Thompson Penney ’72, M ’74 keeps two letters he received as a high school student framed on the wall of the studio in his Charleston home.

One is a job offer from architect Frank Lucas, his future partner. The other is a rejection letter from Clemson’s architecture program, explaining that he had failed an architectural aptitude test.

“I was just heartbroken,” he said. He had dreamed of becoming an architect since the sixth grade, and Clemson was the only school to which he had applied.

Undeterred, he told Lucas of his plan to meet with Dean Harlan McClure. “Frank wrote a letter, put it in an envelope and sealed it, so I didn’t know what it said.” With the letter and a portfolio of drawings in hand, Thom Penney met with the dean, who opened the letter, picked up the phone, and asked the dean of admissions to admit him to the program.

Thom Penney went on to win the highest design award as a student every year. Clemson discontinued the architectural aptitude test.

Gretchen McKellar Penney’s ’83 father, Peter McKellar, was an architect and Clemson alumnus, but her passion was for the stage. “I wanted to be an actor, but I developed nodes on my vocal cords,” she said. “I thought, I might as well go to architecture school like my father!”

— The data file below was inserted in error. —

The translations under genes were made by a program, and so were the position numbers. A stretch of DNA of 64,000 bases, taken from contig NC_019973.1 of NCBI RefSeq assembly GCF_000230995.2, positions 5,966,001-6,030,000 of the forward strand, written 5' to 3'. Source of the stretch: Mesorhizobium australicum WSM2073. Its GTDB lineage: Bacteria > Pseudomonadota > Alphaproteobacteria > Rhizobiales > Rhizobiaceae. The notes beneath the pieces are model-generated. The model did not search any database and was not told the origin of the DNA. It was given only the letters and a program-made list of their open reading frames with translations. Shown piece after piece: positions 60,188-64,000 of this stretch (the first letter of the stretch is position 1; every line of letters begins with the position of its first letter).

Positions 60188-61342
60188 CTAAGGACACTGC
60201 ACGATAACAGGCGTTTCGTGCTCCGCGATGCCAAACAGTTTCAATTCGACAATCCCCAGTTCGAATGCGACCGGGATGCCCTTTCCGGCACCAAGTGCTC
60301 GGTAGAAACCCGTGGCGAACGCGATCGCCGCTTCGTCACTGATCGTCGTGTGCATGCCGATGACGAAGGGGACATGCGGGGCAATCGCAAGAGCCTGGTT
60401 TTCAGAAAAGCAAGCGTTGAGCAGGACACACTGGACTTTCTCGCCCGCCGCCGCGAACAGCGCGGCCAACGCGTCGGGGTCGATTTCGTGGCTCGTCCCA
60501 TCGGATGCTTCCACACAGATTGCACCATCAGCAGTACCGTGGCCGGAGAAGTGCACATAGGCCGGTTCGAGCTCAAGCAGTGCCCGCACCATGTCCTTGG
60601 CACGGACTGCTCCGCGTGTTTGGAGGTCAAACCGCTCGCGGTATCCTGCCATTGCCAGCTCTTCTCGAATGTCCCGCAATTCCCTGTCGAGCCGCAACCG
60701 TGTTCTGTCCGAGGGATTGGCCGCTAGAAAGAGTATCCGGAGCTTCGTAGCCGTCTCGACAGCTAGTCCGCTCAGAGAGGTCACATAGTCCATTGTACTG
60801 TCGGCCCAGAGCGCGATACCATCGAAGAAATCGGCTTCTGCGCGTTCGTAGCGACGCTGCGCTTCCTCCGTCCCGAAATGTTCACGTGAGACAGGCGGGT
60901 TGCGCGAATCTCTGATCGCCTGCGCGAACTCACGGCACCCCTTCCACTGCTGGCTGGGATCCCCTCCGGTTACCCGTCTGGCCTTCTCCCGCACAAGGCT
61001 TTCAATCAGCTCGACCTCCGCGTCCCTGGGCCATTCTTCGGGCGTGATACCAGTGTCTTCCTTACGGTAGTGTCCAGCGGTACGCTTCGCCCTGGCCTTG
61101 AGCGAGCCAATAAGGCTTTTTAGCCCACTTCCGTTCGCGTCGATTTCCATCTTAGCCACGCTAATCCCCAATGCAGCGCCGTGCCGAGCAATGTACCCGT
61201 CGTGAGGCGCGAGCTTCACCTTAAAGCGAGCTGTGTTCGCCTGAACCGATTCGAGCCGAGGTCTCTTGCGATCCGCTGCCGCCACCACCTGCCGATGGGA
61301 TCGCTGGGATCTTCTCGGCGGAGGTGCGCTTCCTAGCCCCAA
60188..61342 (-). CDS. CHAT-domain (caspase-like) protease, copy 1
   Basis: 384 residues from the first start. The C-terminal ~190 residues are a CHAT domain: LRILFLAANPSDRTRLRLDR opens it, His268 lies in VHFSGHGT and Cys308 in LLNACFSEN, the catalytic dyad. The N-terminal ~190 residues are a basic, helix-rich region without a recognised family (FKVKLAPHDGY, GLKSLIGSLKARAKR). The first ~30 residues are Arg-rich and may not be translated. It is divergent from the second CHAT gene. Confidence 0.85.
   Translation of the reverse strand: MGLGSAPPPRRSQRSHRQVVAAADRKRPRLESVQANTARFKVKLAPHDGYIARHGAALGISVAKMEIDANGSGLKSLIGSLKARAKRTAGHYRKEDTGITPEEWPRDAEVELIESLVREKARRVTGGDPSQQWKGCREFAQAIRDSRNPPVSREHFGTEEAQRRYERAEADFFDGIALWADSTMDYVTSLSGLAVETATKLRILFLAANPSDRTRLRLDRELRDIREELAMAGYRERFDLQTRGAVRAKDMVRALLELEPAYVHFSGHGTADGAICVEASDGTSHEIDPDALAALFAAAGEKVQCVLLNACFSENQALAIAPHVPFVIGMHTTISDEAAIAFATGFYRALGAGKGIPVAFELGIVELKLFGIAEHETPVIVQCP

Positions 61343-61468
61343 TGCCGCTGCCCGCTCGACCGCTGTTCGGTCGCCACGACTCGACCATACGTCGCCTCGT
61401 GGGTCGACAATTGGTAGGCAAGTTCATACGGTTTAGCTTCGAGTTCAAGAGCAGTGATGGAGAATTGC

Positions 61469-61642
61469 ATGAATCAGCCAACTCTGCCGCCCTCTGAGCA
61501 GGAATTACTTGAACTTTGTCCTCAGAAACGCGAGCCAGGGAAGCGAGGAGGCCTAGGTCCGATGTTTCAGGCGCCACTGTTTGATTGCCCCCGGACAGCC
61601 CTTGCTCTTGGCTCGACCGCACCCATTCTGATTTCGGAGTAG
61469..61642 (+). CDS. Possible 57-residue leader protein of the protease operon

After graduating, she co-led McKellar and Associates Architects with her father until 1999, when her focus shifted to parenting, mentoring and philanthropy. 

Thom Penney climbed the ranks to partner and CEO at Lucas’ firm, which became
He continues to serve as chairman emeritus. “I believed in hiring good people  and almost getting out of their way,” he said. “The most  important things you can pass on are the core values of the firm.”

When the Penneys married in 1998, LS3P had one office in Charleston. The firm now has 12 offices across four states.

“We approached his leadership as a team,” Gretchen Penney noted.

In 2003, Thom Penney was elected president of the American Institute of Architects on a platform that emphasized evidence-based design. His speeches, which he and Gretchen worked on together, described the concept as “Design Matters! Poetry + Proof.”

Complications from a chronic autoimmune disease led Thom Penney to step down as CEO of LS3P in 2020. The illness also changed their mindset. “We thought, ‘Where could we make a gift that would be meaningful while we’re alive?’” Gretchen Penney said. Their continued passion for “Poetry + Proof” led them to donate $1 million to the School of Architecture to establish an endowed professorship in evidence-based design.

“This felt like the right thing to do for us, for Clemson and for the students,” said Thom Penney.

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